Forecasting Elections with Dirty Data

Monday, September 30, 2013
By Sharad Goel

Anthropomorphized statistics rebalancing a scale with masses of men on one side and a lone female on the other

During the 1936 U.S. presidential campaign, the popular magazine Literary Digest conducted a mail-in election poll that attracted over two million responses, a huge sample even by today’s standards. Unfortunately for them, size isn’t the only thing that matters. Literary Digest notoriously and erroneously predicted a landslide victory for Republican candidate Alf Landon. In reality, the incumbent Franklin D. Roosevelt decisively won the election, with a whopping 98.5% of the electoral vote, carrying every state except for Maine and Vermont. So what went wrong? As has since been pointed out, the magazine’s forecast was based on a highly non-representative sample of the electorate — mostly car and telephone owners, as well as the magazine’s own subscribers — which underrepresented Roosevelt’s core constituencies. By contrast, pioneering pollsters, including George Gallup, Archibald Crossley, and Elmo Roper, used considerably smaller but representative samples to predict the election outcome with reasonable accuracy. This triumph of brains over brawn effectively marked the end of convenience sampling, and ushered in the age of modern election polling.

A lot has happened since 1936 and the subsequent golden years for representative polling. Response rates for so-called random digit dial telephone surveys — the work horse of representative sampling — have plummeted into the single digits, ostensibly because the novelty of talking to pollsters and telemarketers has worn off, and the technical means to filter out unwanted calls have proliferated. As a result, it’s increasingly difficult and expensive to reach a representative sample of likely voters. At the same time, online, opt-in surveys have made it feasible to poll large numbers of people at relatively low cost. The caveat, of course, is that such online surveys attract a highly non-representative crowd, reminiscent of the Literary Digest debacle.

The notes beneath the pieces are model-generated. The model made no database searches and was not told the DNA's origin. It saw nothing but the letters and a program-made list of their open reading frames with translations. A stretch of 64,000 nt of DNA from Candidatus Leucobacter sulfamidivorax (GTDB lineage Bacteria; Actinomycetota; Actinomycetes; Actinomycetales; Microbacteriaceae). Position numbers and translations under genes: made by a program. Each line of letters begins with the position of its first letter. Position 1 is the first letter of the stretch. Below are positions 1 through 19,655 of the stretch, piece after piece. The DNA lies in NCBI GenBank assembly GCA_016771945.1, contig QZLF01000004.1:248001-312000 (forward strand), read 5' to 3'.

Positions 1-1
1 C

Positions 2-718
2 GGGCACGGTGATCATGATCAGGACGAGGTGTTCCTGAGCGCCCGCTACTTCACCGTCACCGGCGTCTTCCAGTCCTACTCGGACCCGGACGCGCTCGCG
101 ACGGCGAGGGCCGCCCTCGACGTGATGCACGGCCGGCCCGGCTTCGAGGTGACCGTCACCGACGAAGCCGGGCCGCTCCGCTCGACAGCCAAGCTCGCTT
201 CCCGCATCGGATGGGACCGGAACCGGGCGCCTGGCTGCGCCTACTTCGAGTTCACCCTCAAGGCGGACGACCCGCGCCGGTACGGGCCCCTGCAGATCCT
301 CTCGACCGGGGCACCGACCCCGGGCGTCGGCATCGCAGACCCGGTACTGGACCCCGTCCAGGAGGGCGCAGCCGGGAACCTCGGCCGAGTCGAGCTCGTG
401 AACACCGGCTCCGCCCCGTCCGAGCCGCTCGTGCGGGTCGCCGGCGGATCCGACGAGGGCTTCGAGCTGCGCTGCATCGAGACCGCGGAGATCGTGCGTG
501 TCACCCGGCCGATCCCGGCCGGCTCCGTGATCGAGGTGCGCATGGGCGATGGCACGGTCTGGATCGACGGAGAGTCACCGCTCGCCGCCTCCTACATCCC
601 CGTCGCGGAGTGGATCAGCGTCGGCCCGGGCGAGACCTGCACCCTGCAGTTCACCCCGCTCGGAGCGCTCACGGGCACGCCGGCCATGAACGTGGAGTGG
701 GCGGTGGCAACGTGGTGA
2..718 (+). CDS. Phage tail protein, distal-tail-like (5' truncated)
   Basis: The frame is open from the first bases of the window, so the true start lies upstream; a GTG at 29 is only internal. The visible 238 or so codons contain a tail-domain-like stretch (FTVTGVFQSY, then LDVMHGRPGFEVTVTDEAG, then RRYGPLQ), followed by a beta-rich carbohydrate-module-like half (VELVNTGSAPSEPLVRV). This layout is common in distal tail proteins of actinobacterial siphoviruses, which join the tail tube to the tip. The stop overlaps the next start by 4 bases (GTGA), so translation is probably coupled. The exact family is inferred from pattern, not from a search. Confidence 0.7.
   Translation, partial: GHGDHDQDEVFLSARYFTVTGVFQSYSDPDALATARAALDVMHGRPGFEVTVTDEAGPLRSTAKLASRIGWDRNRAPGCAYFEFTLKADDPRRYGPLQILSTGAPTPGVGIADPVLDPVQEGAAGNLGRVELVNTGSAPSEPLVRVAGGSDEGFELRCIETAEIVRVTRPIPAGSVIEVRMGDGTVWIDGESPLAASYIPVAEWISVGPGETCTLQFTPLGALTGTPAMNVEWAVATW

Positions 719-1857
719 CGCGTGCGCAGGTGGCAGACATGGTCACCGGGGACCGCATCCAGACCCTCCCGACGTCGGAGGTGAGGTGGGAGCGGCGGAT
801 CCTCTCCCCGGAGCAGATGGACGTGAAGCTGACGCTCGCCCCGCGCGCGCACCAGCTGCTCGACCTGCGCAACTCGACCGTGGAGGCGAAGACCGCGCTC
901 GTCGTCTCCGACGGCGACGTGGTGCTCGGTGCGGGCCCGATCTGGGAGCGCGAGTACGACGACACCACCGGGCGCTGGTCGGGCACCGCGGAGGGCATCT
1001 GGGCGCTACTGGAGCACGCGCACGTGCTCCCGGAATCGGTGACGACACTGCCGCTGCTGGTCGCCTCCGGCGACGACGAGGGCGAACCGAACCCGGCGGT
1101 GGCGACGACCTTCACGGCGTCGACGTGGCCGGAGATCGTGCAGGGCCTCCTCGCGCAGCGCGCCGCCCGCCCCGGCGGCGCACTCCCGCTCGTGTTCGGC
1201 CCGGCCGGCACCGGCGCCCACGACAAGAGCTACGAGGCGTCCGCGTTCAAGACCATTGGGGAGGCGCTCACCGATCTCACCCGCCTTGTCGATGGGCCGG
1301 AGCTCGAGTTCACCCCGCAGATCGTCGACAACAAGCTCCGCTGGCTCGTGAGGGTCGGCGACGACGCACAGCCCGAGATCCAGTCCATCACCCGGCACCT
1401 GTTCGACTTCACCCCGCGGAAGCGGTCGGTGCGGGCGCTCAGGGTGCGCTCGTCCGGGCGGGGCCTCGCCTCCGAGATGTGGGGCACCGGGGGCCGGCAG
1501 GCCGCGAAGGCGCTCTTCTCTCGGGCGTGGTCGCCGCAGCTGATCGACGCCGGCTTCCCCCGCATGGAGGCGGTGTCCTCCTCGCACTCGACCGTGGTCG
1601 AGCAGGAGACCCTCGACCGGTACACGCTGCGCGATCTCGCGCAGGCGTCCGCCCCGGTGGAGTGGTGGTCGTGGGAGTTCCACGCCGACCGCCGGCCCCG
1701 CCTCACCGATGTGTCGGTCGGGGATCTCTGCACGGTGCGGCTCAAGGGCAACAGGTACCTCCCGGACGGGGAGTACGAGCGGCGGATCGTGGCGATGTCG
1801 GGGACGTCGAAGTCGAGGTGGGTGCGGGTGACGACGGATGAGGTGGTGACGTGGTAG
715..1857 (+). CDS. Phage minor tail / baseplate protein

To better understand the benefits and limitations of non-representative polling, Wei Wang, David Rothschild, Andrew Gelman and I recently tried our hand at forecasting elections with a highly unconventional set of poll responses.[1] During the 45 days leading up to the 2012 U.S. presidential election, David ran an opt-in, daily online poll on the Xbox gaming platform, asking people which presidential candidate they supported (Obama or Romney), as well as basic demographic information about themselves. The poll garnered over 750,000 responses, but the respondents were far from representative of the electorate. In particular, only 7% of responses were from women. Eager not to repeat statistics history, we used one of Andrew’s tools of choice, Multilevel Regression and Poststratification, or Mr. P for short, to correct for the extreme demographic skew of our sample. The idea behind Mr. P is to first partition the population into thousands of demographic cells. For example, one such cell might correspond to 18-29 year-old, white Republican women living in California. We then use the sample to estimate candidate support within each cell. Since many of the cells are sparse — or even empty — we use multilevel regression, which improves estimates by effectively borrowing strength from demographically similar cells. Finally, in the poststratification step, the cell-level estimates are aggregated by weighting each cell by its (estimated) proportion in the electorate.[2]

“With proper statistical adjustment, non-representative polls yield accurate election forecasts, on par with predictions based on traditional representative sampling.”